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Strata + Hadoop Interview Series – HORTONWORKS, John Kreisa and Kamal Brar
December 16, 2016 News

 

John Kreisa, VP International Marketing and Kamal Brar, VP and GM APAC of Hortonworks were at the recently held Strata+Hadoop Conference in Suntec Singapore. They were kind enough to talk with us and give us a quick interview on their views about Big Data initiatives in the ASEAN region.

We asked them how was the ASEAN countries doing in terms of their Big Data initiatives. Kamal believes that while some regions in ASEAN are more at the cutting edge than others in terms of deployment and being mission critical ready, there are others who are still waiting. Countries like Singapore, Malaysia and Indonesia however are the three leading the curve.

John sees this as a great time to be in this industry and develop skills needed around data science and data technologies.

“The amount of data that’s becoming available from social media, to machine generated data, or even from smart devices, is ever increasing. It’s going to increase 10 fold and so organisations in every industry are looking for ways to exploit that data. This will transform the way they do business both internally and externally, create new business opportunities. Data Scientists are the fore-front and a core skill set that organisations are going to need”.

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John Kreisa

He added that Data Science, being a combination of a number of different skills, machine learning, algorithmic skills, coding together with a good understanding of the business will be a good starting point for an individual looking to take up this role. They will need to have the core math and analytical foundational skills. At the same time they need to have a clear understanding of the business and what the business goals are without losing sight of the business impacts that the company is trying to achieve.

Kamal recognises the fact that there is a skills shortage for data scientists in the region.

“There has been a conscious effort and initiatives from governments in the region to build in terms of skill sets that Malaysian and Singaporean governments are sponsoring”, he says. “We are actively looking at partnering with some curriculum development and with some of the larger tertiary education providers and really embedding the ecosystem”.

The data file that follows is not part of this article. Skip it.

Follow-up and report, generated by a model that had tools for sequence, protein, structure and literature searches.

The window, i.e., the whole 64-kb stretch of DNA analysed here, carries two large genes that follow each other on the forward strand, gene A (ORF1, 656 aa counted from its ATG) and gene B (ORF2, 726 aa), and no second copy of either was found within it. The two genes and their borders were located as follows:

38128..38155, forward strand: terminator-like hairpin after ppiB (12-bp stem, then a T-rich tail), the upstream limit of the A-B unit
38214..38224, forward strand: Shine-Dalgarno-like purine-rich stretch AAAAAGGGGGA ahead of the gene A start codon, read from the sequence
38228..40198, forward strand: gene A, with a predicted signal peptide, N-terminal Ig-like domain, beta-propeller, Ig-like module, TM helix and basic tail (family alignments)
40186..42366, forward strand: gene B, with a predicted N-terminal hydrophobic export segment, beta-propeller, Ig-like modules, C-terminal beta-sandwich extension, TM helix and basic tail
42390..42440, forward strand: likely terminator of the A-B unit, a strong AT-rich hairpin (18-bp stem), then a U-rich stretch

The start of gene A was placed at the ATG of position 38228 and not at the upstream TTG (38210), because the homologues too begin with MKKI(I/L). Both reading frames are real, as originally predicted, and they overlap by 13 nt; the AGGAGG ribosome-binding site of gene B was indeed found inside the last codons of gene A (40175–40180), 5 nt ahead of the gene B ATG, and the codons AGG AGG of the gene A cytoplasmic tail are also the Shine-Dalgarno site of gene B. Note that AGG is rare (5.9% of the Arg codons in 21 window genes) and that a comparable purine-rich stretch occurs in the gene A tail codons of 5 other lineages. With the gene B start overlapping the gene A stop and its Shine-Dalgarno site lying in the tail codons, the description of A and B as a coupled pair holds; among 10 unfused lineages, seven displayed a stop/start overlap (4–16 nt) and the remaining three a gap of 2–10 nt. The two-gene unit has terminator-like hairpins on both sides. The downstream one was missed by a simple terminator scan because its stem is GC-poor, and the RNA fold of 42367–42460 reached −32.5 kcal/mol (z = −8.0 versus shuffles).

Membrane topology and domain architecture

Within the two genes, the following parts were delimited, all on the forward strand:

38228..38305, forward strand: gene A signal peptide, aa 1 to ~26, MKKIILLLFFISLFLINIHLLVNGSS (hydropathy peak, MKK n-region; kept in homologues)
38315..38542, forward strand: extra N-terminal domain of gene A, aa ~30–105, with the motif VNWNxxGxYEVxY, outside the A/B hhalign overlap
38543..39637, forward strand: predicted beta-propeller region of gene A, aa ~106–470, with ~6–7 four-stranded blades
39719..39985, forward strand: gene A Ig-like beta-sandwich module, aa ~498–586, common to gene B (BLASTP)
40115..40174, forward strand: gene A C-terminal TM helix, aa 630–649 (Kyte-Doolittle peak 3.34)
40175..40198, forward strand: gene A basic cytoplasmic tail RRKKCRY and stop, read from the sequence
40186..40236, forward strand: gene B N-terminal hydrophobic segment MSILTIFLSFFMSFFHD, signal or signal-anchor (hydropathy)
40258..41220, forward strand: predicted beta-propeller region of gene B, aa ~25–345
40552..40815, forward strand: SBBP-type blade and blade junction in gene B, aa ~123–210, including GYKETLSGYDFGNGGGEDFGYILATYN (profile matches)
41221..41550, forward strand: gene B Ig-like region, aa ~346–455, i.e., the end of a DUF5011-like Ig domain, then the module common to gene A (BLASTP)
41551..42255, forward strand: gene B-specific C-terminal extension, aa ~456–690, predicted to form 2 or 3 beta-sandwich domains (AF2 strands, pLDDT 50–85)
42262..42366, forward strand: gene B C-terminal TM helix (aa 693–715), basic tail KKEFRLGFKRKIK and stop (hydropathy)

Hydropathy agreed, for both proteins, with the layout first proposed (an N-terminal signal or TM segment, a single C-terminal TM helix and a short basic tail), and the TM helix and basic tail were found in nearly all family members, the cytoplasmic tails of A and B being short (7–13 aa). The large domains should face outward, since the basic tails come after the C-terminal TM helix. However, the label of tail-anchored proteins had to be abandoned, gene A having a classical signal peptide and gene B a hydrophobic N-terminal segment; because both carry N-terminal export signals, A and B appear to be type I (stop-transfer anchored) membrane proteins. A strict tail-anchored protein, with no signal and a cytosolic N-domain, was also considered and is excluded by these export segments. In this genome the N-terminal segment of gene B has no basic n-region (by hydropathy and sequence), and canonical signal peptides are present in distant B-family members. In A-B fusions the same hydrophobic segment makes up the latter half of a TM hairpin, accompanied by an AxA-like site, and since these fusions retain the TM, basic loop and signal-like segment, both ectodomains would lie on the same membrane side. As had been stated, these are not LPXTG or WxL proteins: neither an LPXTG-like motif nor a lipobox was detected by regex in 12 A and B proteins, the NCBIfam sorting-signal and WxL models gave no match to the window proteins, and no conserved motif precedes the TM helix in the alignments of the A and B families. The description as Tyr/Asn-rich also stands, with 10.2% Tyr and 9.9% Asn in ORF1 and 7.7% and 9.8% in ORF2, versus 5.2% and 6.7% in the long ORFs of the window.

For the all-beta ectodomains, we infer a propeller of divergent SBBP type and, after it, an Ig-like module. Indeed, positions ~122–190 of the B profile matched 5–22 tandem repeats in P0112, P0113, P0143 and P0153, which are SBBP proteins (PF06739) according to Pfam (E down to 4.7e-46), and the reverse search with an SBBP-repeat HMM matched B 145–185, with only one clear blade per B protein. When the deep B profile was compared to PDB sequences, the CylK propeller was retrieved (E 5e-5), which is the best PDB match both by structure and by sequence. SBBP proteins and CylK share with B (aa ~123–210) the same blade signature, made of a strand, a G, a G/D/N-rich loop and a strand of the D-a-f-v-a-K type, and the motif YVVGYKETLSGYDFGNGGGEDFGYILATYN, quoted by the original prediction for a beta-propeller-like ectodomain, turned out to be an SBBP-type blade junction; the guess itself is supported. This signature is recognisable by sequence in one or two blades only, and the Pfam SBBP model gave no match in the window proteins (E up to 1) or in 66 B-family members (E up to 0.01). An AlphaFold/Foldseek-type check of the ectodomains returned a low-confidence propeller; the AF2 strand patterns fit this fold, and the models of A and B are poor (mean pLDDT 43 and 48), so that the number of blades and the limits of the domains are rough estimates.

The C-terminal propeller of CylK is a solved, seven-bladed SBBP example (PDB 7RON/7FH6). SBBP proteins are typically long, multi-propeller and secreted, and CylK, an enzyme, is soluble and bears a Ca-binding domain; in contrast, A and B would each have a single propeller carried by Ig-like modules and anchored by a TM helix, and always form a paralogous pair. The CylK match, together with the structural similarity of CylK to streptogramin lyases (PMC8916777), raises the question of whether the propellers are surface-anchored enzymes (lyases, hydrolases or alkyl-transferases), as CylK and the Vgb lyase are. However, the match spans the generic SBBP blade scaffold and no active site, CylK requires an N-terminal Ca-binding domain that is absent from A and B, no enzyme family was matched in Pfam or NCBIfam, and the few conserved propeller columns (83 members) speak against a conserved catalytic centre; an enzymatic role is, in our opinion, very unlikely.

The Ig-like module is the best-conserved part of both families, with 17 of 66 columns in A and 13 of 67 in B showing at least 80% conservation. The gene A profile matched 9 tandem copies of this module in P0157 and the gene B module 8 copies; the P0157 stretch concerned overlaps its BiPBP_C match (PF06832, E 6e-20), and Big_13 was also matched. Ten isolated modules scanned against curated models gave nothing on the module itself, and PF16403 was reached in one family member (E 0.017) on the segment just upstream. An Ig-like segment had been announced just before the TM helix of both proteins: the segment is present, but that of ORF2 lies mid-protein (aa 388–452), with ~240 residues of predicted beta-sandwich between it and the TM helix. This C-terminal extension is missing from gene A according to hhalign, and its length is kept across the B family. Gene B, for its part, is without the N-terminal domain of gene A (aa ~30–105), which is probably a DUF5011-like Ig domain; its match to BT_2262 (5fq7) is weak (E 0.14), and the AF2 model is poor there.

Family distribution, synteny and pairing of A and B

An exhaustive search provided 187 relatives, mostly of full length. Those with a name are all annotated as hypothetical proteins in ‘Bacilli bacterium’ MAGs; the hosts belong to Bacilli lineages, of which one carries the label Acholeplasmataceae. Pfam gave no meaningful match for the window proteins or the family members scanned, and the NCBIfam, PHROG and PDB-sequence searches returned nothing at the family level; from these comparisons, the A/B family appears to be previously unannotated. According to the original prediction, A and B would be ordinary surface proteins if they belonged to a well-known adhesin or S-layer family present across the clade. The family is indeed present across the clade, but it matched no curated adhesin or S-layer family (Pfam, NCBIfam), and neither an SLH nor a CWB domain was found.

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Kamal Brar

“What’s wonderful about the eco system we are a part of is that it is open, it is a standard space and gives an opportunity for everyone to contribute. We are going lead some of the enablement education through curriculum development, but the fact that its open source, I believe it gives tremendous opportunity for students not just as an opportunity to learn, but a career path directly into a very specific role within the industry. I think we will actively partner and continue to actively partnering with governments and tertiary education to build that up”.

However the domain is large and there are many areas to specialize in. What is critical is to have the core fundamentals right and focus on the interested topic adds Kamal. The best option is to choose based on the fundamentals before getting into the actual learning.

“There are many self-study tools. Hortonworks University for instance, has a lot of self-paced learning courses that anyone can take today for free. It’s really around what suites you, where do you see your next opportunity in terms of going from tertiary to the professional industry”, he added.

“In addition to Hortonworks University, there’s the Hortonworks Sandbox which has a complete pre-packaged all of the tools and all the platforms, including some of the key data platforms like Spark and that is packaged in a downloadable easy to use, with tutorials that will help someone to get started”, added John.

Kamal sees that Malaysia has an opportunity to lead in creating a data science hub. There is a lot of demand in the space and not just in Malaysia but the whole of ASEAN, there’s skill shortage across the board.

“The wonderful thing about this region is that it is easy to get around. In that context for Malaysia, that may be sufficient to serve the demand to an extent, but I see tremendous opportunity where probably 2,000 (Data Scientists) is a great starting point, but it will probably grow a bit from there”, he said. Kamal was commenting on a question if the governments initiative to have 2,000 Data Scientists by 2020 would be sufficient to fill the shortage.

By 2020 they both agreed that the requirement for Data Scientists in the region will be much higher than projected.

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